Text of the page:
South Australian Living Artists festival shines light on regional talent

Regional artists are encouraging residents to connect with the creative culture in their towns as the 25th South Australian Living Artists Festival kicks off.

The festival — also known as SALA — shines a spotlight on living artists who are active in their respective communities, pushing regional residents to explore the creative talent in their own backyards.

And with a smorgasbord of exhibitions around the regions, country artists are providing you do not have to go to a capital city to see an array of high-quality arts.

Biezaite uses natural dyes from eucalyptus trees to color fleece.(Supplied: Jacqui Bateman)

Robe-based textile artist Kristi Biezaite, who moved from Latvia to Robe about 12 years ago, is showing her work at a local winery as part of an exhibition celebrating the beauty of nature.

She works with natural fibers like fleece and processes them into shawls and tapestries before adorning them with natural dyes from eucalyptus trees.

“SALA basically creates a situation where you can go local — you don’t have to go to the capital cities to go to an art gallery or a museum,” Biezaite said.

“You can see the art locally, which makes it accessible to everyone.”

A serious-looking woman wearing a green hat holding a chicken stands against a tree on green grass.
Biezaite says SALA provides regional artists with an opportunity to share their work.(Supplied: Kristi Biezaite)

Shining a spotlight on homegrown artists

Artists from the Bedford Day Options center in Port Lincoln are displaying their pieces at the festival for the third year, fast becoming a staple feature of the SALA line-up.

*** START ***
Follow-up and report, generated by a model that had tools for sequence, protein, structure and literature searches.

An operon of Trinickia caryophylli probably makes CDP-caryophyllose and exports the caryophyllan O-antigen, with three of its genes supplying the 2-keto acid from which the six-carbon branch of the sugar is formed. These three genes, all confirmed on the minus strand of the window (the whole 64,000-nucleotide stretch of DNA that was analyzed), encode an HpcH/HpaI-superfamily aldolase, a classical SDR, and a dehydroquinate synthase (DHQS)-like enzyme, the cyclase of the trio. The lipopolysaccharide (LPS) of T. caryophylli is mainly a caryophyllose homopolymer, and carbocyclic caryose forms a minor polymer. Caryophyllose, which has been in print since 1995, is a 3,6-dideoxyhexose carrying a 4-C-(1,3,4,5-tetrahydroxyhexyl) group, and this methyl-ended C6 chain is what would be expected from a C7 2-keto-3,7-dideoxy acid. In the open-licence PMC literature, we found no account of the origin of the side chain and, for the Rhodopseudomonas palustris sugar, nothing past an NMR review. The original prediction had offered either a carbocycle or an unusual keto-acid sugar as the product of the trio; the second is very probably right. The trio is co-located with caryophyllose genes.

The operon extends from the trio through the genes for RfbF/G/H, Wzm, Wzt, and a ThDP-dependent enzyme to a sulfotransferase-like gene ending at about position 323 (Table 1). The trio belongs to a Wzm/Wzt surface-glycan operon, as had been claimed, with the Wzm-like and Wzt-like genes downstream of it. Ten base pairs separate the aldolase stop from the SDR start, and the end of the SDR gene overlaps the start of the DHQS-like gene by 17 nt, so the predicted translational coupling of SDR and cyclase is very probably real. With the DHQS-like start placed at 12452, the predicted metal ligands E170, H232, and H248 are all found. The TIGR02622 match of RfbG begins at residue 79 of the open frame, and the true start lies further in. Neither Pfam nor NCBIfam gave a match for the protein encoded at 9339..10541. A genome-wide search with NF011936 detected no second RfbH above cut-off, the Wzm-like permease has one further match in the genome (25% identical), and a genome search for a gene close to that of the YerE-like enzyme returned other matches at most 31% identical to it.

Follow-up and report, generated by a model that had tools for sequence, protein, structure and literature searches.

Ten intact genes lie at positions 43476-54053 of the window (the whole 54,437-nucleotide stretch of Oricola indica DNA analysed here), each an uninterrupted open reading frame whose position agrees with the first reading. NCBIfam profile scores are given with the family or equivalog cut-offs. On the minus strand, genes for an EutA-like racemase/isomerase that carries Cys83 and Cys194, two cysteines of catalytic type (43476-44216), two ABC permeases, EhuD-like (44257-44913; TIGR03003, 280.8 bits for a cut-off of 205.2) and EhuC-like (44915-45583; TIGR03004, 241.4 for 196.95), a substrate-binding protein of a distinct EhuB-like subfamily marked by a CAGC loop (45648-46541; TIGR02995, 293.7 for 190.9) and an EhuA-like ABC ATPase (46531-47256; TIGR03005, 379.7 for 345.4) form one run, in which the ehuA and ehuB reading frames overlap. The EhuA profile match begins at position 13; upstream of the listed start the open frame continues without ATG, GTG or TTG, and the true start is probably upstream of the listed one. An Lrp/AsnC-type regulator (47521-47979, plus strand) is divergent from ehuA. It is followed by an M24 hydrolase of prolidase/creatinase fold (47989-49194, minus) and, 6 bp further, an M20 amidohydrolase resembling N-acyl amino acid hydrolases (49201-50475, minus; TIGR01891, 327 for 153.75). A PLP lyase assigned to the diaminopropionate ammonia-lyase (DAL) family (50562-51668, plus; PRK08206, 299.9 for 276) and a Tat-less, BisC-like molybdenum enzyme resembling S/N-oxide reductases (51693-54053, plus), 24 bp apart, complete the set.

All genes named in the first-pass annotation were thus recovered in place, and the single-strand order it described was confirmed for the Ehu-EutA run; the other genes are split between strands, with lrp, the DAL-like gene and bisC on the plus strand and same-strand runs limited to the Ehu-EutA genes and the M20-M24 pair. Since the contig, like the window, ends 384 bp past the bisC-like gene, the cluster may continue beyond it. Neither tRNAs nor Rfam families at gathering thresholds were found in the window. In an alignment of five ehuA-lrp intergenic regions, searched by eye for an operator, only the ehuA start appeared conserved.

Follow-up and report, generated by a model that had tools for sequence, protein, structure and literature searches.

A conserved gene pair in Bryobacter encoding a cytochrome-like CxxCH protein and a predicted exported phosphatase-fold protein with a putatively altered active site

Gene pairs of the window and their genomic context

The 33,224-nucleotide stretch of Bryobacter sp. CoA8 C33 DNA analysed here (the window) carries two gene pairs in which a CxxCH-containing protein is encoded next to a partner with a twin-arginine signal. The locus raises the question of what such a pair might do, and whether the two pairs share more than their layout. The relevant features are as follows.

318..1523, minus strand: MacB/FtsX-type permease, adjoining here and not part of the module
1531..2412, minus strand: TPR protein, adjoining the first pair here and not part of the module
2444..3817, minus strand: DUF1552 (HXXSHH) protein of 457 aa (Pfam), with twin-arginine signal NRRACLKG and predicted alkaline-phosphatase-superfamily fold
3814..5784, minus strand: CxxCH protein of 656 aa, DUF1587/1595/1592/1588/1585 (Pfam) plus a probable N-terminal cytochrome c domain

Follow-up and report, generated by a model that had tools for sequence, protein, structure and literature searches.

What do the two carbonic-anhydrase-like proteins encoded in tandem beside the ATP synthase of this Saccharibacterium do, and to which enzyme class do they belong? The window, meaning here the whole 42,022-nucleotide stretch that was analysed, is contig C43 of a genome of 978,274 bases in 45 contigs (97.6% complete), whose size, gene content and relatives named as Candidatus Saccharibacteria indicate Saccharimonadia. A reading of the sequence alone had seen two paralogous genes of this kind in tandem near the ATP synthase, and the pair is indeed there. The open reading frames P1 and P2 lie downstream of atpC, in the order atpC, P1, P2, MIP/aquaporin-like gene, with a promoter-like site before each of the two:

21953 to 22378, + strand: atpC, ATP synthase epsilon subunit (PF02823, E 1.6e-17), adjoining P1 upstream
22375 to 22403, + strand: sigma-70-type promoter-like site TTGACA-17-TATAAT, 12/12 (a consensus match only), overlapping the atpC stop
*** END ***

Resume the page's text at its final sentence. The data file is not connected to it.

Artist Cary Marcal said his piece on display was representative of the Aboriginal flag, celebrating his sister’s culture.

“The important thing to me is that my sister is Aboriginal, and I’ve done that for my sister,” he said.

Meanwhile, artist Aaron Dennis used his hands to paint his piece and said he enjoyed working with his mates while exploring a new method of painting.

Four people posing behind an art work of hand prints that represents the Aboriginal flag.
Dennis (front left) says it was fun working with his mates to create his exhibition piece.(Supplied: Bedford Day Options)

The Riverland Artist’s Hub showcases local works all year round at its shopfront in Renmark, but textile artist Glenys Leske said SALA opened up new opportunities to discover emerging artists.

“Sometimes we can be very insular in our art practices, so it’s nice to get out there and mix with others and see different ways of working,” she said.

A woman is leaning on a table, smiling.  There are artworks behind her.
Leske says connecting with artists helps people learn the stories behind the works.(ABC News: Sophie Landau)

In just the opening week of the festival, Leske has already discovered new artists whose works she would like to display at the hub, broadening the scope of locals getting noticed within the Riverland region.

“There’s some really amazing artwork out there that makes me think, ‘I’d like to approach them and have a chat and see what we can do’, because we do try to encourage the diversity in here,” she said.

An artwork of two ducks exploring space.
Wannon has illustrated a fantasy universe as part of an immersive exhibition titled Welcome to the Lands of the River(Supplied: Sam Wannan)

Multidisciplinary Adelaide-based artist Sam Wannan previously lived in Whyalla and said art helps to understand a region’s identity.

Mr Wannan was exhibiting his work at Part of Things in Barmera and on the Karoonda silos throughout the festival and said it had been great to collaborate with other regional artists.

“The more that regional artists can connect with each other and share their work and celebrate what it means to be an artist, the better,” he said.

“Having lived in the arts world in Whyalla, I know the significance of artwork and how it builds the sense of cultural, local identity in place.”

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